Yet another Windows virus devastates millions of complacent idiots

CONTINUE TO SHOP, Avoid Panic Buying, Friday (NNGadget) — A computer worm that spreads through low security networks, memory sticks, and PCs without the latest security updates is posing a growing threat to users blitheringly stupid enough to still think Windows is not ridiculously and unfixably insecure by design.

BTI Explosive Breaching Free-Standing DoorDespite many years’ warnings that Microsoft regards security as a marketing problem and has only ever done the absolute minimum it can get away with, millions of users who click on any rubbish they see in the hope of pictures of female tennis stars having wardrobe malfunctions still fail to believe that taking Windows out on the Internet is like standing bent over in the street in downtown Gomorrah, naked, arse greased up and carrying a flashing neon sign saying “COME AND GET IT.”

Microsoft cannot believe people have not applied the patch for the problem, just because they keep trying to use Windows Genuine Advantage to break legally-bought systems. “Don’t they trust us?” asked marketing marketer Steve Ballmer.

Millions of smug Mac users and the four hundred smug Linux users pointed and laughed, having long given up trying to convince their Windows-using friends to see sense. “There’s a reason the Unix system on Mac OS X is called Darwin,” said appallingly smug Mac user Arty Phagge.

“It can’t be stupid if everyone else runs it,” said Windows user Joe Beleaguered, who had lost all his email, business files, MP3s and porn again. “Macs cost more than Windows PCs.”

“Yes,” said Phagge. “Yes, they do.”

Ubuntu Linux developer Hiram Nerdboy frantically tried to get our attention about something or other, but we can’t say we care.

4 thoughts on “Yet another Windows virus devastates millions of complacent idiots”

  1. Right you are. But, why has Windows 7 been dubbed the “Linux killer” and not the “Mac OS X killer”? Is it possible that me and my 399 other buddies really do present a threat to Microsoft?

  2. I’m still waiting for Macs to become more popular so we’ll see more articles like this:

    http://www.enterpriseitplanet.com/security/features/article.php/3796951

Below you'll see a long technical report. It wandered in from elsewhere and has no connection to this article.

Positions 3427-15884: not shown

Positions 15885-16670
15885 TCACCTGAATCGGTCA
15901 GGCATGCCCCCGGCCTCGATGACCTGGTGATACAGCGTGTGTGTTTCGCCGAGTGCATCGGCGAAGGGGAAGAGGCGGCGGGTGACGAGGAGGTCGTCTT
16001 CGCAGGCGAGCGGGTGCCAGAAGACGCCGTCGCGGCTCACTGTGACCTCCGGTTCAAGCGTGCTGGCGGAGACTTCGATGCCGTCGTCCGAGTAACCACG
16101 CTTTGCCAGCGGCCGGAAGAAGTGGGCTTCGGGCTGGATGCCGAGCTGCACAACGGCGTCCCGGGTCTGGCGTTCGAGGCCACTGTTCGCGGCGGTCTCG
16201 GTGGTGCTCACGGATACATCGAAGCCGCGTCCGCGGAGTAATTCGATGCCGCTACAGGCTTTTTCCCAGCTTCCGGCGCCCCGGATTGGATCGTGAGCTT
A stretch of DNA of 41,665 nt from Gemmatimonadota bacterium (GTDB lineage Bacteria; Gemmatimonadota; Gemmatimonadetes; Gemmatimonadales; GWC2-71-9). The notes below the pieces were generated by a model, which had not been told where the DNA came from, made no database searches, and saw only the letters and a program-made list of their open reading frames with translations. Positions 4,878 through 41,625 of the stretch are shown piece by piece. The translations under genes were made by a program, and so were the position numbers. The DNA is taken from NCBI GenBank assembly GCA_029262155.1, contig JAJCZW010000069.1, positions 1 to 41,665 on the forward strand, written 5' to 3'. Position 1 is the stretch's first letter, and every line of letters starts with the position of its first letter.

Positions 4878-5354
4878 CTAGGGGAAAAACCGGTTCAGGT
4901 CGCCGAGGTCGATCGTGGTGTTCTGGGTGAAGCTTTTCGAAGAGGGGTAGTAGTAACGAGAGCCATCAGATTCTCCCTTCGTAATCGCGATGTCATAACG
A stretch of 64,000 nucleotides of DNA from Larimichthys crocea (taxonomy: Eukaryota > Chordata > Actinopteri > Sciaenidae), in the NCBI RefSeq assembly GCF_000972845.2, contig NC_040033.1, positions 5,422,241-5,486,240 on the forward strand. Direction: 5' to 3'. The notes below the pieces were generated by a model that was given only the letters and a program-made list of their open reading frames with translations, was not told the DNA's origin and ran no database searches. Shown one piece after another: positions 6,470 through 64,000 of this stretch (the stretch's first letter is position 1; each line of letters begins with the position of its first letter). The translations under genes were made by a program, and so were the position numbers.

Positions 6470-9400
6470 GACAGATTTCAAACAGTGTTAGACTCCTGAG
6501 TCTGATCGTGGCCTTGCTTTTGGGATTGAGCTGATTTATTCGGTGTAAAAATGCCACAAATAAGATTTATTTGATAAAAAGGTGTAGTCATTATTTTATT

I’ve told Mac users for years that the reason Macs aren’t attacked more is that it’s not worth it simply because there aren’t enough of them to justify the effort, and that once there were, you’d start seeing more virus and hacking incidents.

    If they can hack the Pentagon, they can hack your Mac.

    Mac users better hope they stay in their smug minority, or they’re going to get a rude awakening.

  3. @Richard – as Hiram Nerdboy found out, the word “Linux” is as the buzzing of flies to such elevated beings as the press.

    @csc5502 – That’s the numbers fallacy. (Apache is the most popular web server, and Microsoft IIS still gets hacked more. Mac OS X has quite enough clueless users to be a prize worth hacking.) Windows is a skanky ho’. It really is significantly qualitatively more insecure and unsecurable by a long shot.

    It also helps that Apple doesn’t deliberately try to disable your computer with a claimed “security” update like WGA. (They do it accidentally often enough, of course.)

    (I’m writing this from a friend’s Windows box I spent last night attempting to somewhat secure …)

    What I expect is a Linux distro of some cluelessness (e.g. running everything as root) to achieve popularity. Or, worse, Linux users to discover that Wine is a good enough Windows emulation to run viruses.

  4. As a general response to the article, I’ve talked to people that package Apple’s software for MacOS, and high-ups at Microsoft. Ubuntu Linux (and even Debian) is years ahead of the competition as far as updates are concerned, since there is one button to update all apps, they’ve automatically check for software compatibility at each operating system release, and (of course), they automatically audit the source code of the software they distribute. Apple doesn’t seem to understand this (or maybe they just don’t care). Microsoft would probably like to do this, but cannot put themselves in the middle of third party software distribution channels. If they tried, the anti-trust people would eat them alive. Hope this clarifies things a bit.

    @Chris I’m typing this on a sub-$300 dual core 64-bit x86 2.1 GHz desktop PC w/ 3GB of RAM and an NVidia card. It came with Vista, which is better than XP for me (though I’m running Ubuntu because I’m not a masochist). I bought it new. Not counting my old monitor, it draws 22 watts and runs silent. It’s a small form factor PC (easily hidden behind a LCD; I’m using it as a monitor stand). My laptop (ASUS 1000HE) cost $380 new, though I could have done better (with an MSI Wind U1xx for $350). Mac laptops are too bulky, run too hot and with too little battery life for my taste. Price is not the main issue for me; my $2200 lenovo tablet has exactly the same problems. Also, I occasionally fix my friends’ copies of macos when they break. I still haven’t figured out the friggin’ window manager. Is it some sort of “in-crowd” joke I don’t understand?!? Anyway, Macs are expensive, and not for everyone. Really. Sorry.

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